In this post, I was planning to look at how the percentage of a state’s population that is made up of immigrants affects job creation. After all, we hear from some quarters that immigrants create jobs, and from others that immigrants take away jobs that would otherwise go to Americans. Obviously, the truth is sometimes one and sometimes the other, and mostly somewhere in between. It depends on many factors, including the nature of the immigrants themselves, who, like anyone else, vary in attitude, capability, sociability, etc. Even so, understanding whether in aggregate, immigrants help or hinder, and under what conditions, is worth knowing.
As I was pulling data, it occurred to me that I had phrased the question poorly. The relevant issue is not whether immigrants create jobs. It is whether immigrants create jobs for the native population. If you doubt that, I’ve got an experiment for you to perform. Go to Chetumal. From the pictures I’ve seen, it seems like a very pretty town in Mexico on the border with Belize. Meet with the mayor, and tell him (at this time the mayor is a man) you will renovate a factory and put 100 people to work in his town. I bet he will be ecstatic. Now explain that your plan involves hiring 110 Belizeans and firing 10 Mexicans who are currently employed. My hypothesis is that the mayor’s mood will noticeably sour at this point. You don’t actually have to go with Chetumal to run this experiment. Pretty much any jurisdiction not run by a US politician will probably do.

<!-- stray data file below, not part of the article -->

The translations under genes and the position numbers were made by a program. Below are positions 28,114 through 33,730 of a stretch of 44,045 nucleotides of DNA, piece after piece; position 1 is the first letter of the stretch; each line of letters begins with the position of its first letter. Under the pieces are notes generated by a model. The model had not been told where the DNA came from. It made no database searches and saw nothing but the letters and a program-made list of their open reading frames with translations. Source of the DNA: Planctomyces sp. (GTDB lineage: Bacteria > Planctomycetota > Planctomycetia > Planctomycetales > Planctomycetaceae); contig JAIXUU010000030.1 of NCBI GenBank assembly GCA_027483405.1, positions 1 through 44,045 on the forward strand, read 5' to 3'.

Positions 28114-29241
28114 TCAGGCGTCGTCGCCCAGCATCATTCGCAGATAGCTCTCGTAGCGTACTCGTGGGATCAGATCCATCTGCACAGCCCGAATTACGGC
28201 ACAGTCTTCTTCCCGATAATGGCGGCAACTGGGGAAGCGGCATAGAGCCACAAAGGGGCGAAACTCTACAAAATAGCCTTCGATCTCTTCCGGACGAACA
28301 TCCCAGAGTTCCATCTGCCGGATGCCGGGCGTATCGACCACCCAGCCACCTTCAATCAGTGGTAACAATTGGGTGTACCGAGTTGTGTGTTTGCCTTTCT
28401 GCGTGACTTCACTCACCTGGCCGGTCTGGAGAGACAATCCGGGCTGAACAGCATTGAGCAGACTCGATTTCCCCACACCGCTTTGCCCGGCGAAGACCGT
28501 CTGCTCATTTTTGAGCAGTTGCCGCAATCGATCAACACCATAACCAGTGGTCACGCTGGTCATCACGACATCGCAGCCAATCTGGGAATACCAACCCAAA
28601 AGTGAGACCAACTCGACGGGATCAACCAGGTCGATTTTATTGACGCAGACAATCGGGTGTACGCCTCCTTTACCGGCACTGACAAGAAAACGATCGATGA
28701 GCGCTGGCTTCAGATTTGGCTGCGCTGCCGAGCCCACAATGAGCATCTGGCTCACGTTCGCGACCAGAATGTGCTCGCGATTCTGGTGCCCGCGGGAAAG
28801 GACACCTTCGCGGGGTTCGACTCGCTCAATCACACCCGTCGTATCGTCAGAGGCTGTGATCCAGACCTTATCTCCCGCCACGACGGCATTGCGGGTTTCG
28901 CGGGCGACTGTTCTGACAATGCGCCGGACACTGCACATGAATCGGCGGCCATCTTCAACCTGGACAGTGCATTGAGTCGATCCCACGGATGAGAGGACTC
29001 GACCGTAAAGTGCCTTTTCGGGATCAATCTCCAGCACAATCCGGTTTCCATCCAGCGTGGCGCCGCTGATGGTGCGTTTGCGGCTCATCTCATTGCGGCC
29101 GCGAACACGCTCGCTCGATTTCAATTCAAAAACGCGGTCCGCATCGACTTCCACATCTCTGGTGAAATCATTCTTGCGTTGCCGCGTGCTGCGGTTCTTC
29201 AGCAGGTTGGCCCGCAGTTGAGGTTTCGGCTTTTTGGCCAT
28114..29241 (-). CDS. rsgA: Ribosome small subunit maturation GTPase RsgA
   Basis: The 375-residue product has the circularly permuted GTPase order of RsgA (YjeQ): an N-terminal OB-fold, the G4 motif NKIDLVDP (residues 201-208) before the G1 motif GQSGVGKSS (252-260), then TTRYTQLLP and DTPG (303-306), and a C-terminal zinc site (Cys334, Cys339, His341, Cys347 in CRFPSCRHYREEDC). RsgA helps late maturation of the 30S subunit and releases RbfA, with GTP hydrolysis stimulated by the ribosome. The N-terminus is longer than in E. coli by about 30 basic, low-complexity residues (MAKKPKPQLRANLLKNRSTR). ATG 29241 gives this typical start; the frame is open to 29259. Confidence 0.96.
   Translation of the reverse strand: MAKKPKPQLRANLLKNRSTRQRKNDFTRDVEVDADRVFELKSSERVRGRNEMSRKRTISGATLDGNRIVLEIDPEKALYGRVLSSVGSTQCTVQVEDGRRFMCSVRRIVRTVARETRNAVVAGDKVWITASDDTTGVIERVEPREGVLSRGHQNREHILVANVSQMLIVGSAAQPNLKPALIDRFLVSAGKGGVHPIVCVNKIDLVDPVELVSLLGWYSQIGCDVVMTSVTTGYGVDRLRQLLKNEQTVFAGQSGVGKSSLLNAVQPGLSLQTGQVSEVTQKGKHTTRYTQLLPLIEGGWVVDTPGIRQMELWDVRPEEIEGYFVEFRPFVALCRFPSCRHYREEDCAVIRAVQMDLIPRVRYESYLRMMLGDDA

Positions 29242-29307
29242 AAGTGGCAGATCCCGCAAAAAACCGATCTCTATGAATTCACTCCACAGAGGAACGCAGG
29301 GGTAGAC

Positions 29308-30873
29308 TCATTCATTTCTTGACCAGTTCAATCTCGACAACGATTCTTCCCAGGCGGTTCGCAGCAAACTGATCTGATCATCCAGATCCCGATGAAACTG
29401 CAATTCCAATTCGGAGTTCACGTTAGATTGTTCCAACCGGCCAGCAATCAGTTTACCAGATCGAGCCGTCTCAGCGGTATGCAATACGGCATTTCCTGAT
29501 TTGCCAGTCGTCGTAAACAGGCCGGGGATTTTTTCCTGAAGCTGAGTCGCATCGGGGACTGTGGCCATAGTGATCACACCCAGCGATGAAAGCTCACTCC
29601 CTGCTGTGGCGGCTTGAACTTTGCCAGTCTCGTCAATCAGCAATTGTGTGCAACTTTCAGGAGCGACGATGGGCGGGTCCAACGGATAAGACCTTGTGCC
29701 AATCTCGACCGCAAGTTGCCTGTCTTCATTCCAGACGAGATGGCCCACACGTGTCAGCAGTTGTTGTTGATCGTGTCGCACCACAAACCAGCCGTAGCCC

Having established the question, here’s how I tackled it.
1. I found data on the immigrant share of each state from Pew Research. Data is available in 10 year increments from 1960 to 2010, and then for 2014. Pew references the American Community Surveys, so I am 99.97% certain that all of the data originates with the Census, but I couldn’t find it there.
2. I found data on monthly reports containing, among other things, “employees on nonfarm payrolls by state” for every month going back to December 1993 at the BLS
3. There are three years for which the immigrant data can be matched to employment data: 2000, 2010, and 2014. For each of those years, I used employment figures for December and the immigrant share of the population to calculate the “native born employment.” That is, the number of jobs held by native born people.
3a. Note the implicit assumption that the native born share of employment was equal to the native born share of the population. That may be an underestimate in places where immigrants are go-getters and bring strong competitive advantages. Conversely, it will be an over-estimate where the immigrants are less industrious and less competitive than the natives. I believe this effect will be small.
4. I computed the growth rate in native employment from 2000 to 2010, and from 2000 to 2014.
5. I computed the correlation between the immigrant share of the population in 2000, and the growth rate from 2000 to 2010 as well as the growth rate from 2000 to 2014. They were -0.047 and 0.032, respectively. In other words, very close to zero.
So, at first glance, immigrants today don’t affect the job market tomorrow. But the problem is, this analysis lumps Texas with West Virginia. That’s like comparing oranges and bicycles. So how do we do this differently? One way is to use geographic groupings developed by the Census. For each of those regions, I found the correlation between immigrant share of the population in 2000, and the growth from 2000 to 2014, and also the median immigrant share for the states in the region. And since a picture is worth a thousand words, I overlaid that on a reasonable looking map showing the Census regions that I found here.